Join EDRi to talk encryption, surveillance and privacy
On 26 September 2023, EDRi will discuss the role of encryption in the age of surveillance with experts and policymakers. The event is especially addressed to journalists. As a member of the press, your participation would be prioritised. Email us at brussels [at] edri.org if you would like to be invited.
Key speakers include:
- Meredith Whittaker, President of the Signal Foundation
- Dunja Mijatović, Commissioner for Human Rights, Council of Europe
- Carmela Troncoso, Assistant Professor at EPFL and expert in security and privacy
- Meeting Point: Brussels European quarter (the exact location will be communicated closer to the event)
- Date: 26 September 2023
- Registration: Email us at brussels [at] edri.org, if you would like to be invited
Members of the press will have the opportunity to ask follow-up questions to Meredith Whittaker, President of the Signal Foundation; Carmela Troncoso, Assistant Professor at EPFL and expert in security and privacy; and Ella Jakubowska, EDRi’s Senior Policy Advisor during a press conference.
Join us to discuss together what encryption means for people and democracy and how current European legislation will impact the security of our communications.
Many don’t know what encryption is, or what it does, yet most of us rely on it in our daily lives.
Encryption, described as the ‘last bastion of digital privacy’, enables confidential communication, sustains our capacity to work, organise, socialise, love and care for each other safely. For some, including human rights defenders, over-criminalised groups and journalists, encryption and digital safety is vital.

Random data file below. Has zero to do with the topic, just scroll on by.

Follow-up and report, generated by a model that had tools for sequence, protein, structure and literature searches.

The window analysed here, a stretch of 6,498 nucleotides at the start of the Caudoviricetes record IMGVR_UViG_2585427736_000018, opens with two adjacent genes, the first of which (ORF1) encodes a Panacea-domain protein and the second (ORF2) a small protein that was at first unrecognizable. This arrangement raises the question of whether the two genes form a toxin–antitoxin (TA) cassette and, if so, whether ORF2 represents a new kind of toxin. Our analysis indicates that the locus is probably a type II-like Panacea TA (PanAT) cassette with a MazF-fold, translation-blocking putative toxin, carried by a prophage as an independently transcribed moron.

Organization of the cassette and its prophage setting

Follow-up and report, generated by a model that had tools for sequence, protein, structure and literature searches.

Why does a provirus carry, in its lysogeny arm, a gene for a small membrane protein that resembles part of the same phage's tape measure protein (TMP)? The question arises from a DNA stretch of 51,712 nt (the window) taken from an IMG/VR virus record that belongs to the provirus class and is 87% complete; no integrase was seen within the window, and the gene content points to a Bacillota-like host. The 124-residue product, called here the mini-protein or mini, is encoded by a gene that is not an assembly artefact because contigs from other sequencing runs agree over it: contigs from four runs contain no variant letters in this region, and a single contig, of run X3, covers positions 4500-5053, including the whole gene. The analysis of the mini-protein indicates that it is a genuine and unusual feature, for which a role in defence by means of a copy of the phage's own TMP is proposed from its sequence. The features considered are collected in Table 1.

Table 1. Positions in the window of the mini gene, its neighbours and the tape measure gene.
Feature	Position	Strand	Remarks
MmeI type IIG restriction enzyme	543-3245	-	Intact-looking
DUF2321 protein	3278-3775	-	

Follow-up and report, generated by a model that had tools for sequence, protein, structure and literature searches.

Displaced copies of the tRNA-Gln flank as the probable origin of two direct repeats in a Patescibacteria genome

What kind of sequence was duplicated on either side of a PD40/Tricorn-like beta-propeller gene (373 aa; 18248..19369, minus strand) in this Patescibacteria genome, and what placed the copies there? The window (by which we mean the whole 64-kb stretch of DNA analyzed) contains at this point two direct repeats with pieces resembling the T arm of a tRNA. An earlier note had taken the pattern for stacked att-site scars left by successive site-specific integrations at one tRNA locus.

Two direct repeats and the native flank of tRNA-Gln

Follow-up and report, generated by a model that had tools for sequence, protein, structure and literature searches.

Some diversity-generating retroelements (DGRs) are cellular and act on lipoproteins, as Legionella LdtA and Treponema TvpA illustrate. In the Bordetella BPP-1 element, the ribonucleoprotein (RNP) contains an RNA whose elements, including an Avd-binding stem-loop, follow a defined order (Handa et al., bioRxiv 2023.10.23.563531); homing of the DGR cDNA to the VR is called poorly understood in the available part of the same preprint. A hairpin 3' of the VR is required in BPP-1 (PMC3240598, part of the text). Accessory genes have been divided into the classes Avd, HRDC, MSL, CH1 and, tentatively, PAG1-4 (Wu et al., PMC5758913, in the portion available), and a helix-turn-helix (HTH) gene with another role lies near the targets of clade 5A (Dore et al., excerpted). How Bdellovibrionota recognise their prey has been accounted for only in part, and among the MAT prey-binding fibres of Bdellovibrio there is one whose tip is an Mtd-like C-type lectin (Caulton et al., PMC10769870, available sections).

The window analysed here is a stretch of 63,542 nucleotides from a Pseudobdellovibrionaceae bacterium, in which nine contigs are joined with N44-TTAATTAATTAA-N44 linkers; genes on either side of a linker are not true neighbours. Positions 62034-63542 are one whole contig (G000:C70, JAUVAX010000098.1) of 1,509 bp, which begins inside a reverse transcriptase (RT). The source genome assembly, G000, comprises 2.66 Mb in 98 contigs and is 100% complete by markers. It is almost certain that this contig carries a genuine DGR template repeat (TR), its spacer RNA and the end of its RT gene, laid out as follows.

The European Union stands at a crossroad, dangerously leaning towards putting the safety of everyone at risk. Pegasus and other spyware scandals have awaken consciences, highlighting the fatal consequences that unchecked surveillance can have on people’s lives. Yet the EU is ready to pass a legislation (the “Child Sexual Abuse Material Regulation”) that would de facto install a form of distributed spyware on every single device.
How do threats to encryption evolve over time? What narratives drive these demands for suspicionless, warrantless monitoring? What does it mean to be deprived of secure digital tools in an age of mass surveillance? What opportunities are there for collective resistance?
At the event, we will hear from journalists, human rights defenders and privacy experts, whose lived experiences have shown the decisive and protective role of encryption in allowing them to work, socialise, organise, express themselves, and care for others safely, without the fear of being put under arbitrary suspicion.